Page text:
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Thread: Stand-alone digital recorder to replace my minidisc recorder?

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    Stand-alone digital recorder to replace my minidisc recorder?

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    Years back, I had a Sony MiniDisc recorder as part of my home hi fi system. The MD recordings that I made at the time were very clean since I had the speakers muted and monitored the job via a headphone. My biggest problem then was converting the MD files to CD. I had to upload the MD file to my PC using a portable MD player and then convert the file to WAV or MP3, and then burn to CD. Now that the MD is dead, I would like to know if there's an SD-based stand-alone unit that will simply take its place in my set up. I do my recordings now live either with a Zoom H2 or a videocam but the results are far behind in quality (lots of background noise) since neither can record by line input from my stereo system. I have tried recording via computer but it does not work for me. Your comments and suggestions will be most appreciated.

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    Quote Originally Posted by El Baroda View Post
    Years back, I had a Sony MiniDisc recorder as part of my home hi fi system. The MD recordings that I made at the time were very clean since I had the speakers muted and monitored the job via a headphone. My biggest problem then was converting the MD files to CD. I had to upload the MD file to my PC using a portable MD player and then convert the file to WAV or MP3, and then burn to CD. Now that the MD is dead, I would like to know if there's an SD-based stand-alone unit that will simply take its place in my set up. I do my recordings now live either with a Zoom H2 or a videocam but the results are far behind in quality (lots of background noise) since neither can record by line input from my stereo system. I have tried recording via computer but it does not work for me. Your comments and suggestions will be most appreciated.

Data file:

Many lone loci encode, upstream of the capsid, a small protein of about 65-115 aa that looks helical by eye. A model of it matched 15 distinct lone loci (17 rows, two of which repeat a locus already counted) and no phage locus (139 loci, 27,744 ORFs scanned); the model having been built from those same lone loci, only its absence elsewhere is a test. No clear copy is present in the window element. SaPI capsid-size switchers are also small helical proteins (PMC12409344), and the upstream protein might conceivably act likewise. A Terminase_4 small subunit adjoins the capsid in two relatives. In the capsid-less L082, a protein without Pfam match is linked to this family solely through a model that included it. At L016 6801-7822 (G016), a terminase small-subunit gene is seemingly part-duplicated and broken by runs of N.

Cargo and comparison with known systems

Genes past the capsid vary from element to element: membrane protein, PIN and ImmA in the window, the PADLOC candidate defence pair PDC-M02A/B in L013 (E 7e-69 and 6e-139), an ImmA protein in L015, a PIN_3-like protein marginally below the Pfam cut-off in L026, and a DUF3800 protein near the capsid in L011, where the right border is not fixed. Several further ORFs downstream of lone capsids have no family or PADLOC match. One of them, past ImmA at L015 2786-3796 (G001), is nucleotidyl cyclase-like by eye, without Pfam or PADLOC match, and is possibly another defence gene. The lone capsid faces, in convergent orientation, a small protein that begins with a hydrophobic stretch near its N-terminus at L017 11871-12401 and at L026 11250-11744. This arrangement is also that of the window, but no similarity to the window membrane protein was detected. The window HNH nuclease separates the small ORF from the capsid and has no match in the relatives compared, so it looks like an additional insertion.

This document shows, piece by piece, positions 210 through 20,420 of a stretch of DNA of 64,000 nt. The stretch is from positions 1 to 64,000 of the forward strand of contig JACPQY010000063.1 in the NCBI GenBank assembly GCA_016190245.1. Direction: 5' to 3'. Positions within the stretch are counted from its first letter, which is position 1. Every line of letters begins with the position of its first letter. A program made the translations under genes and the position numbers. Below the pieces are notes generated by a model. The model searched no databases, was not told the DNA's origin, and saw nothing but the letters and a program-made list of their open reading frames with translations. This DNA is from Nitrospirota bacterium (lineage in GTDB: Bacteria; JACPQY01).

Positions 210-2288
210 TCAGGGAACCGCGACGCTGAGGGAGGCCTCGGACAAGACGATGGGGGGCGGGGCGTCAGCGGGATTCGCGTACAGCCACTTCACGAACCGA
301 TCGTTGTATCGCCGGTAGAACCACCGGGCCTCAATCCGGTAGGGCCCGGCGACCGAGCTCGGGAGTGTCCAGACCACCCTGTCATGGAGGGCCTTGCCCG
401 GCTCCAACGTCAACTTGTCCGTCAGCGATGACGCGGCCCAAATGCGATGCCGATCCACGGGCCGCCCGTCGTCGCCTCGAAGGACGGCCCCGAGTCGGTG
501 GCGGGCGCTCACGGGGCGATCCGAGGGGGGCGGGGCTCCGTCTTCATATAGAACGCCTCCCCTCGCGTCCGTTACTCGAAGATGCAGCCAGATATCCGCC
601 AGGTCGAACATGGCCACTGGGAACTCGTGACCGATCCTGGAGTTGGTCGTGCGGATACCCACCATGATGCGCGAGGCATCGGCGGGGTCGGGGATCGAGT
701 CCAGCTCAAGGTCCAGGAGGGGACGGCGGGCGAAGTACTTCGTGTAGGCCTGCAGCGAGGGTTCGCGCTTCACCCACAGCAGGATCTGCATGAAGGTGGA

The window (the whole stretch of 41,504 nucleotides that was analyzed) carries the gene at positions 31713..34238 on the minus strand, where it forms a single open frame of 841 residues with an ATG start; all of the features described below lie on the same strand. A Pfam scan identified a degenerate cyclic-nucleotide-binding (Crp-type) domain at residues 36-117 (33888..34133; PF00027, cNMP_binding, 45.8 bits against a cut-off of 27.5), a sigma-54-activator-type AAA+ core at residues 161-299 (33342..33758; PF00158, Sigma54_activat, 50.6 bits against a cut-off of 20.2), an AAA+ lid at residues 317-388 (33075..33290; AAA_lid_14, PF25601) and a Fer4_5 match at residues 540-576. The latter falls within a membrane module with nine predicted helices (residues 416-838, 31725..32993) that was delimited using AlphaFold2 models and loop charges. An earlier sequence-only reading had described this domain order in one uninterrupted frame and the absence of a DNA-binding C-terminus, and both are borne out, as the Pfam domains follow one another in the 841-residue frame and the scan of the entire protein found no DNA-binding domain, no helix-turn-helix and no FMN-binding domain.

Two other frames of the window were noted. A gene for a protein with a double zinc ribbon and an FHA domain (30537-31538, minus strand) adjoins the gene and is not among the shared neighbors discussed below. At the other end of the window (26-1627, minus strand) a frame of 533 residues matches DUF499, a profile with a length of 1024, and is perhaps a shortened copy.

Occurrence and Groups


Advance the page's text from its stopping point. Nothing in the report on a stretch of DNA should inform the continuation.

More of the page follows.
There are quite a few at varying price levels.

    The Olympus units are very nice - I have and old LS-10 but all the LS range are good. The LS-100 is the top model, The LS-20M also includes an HD camera (sells for around £250), and two new models (LS-12 and LS-14) are just coming to the market now.

    2877864352-jpg

    The small Roland and Tascam units are also very nice.

    Top of the tree of the portable units is the Sony PCM-D50, Nagra SD and Nagra LINO - the Nagra SD is better and more flexible than the LINO.

    If you want to go very high quality at a later date, the Tascan DR100II and Sony PCM-D50 both also have digital inputs (S-PDIF on the Tascam - optical on the Sony) so you can use them as a "bit bucket" with a very high quality mini mixer with digital outputs like the AETA MIXY as all the quality is in the mixer as you are only using the recorder to store the digits.

    I hope this helps.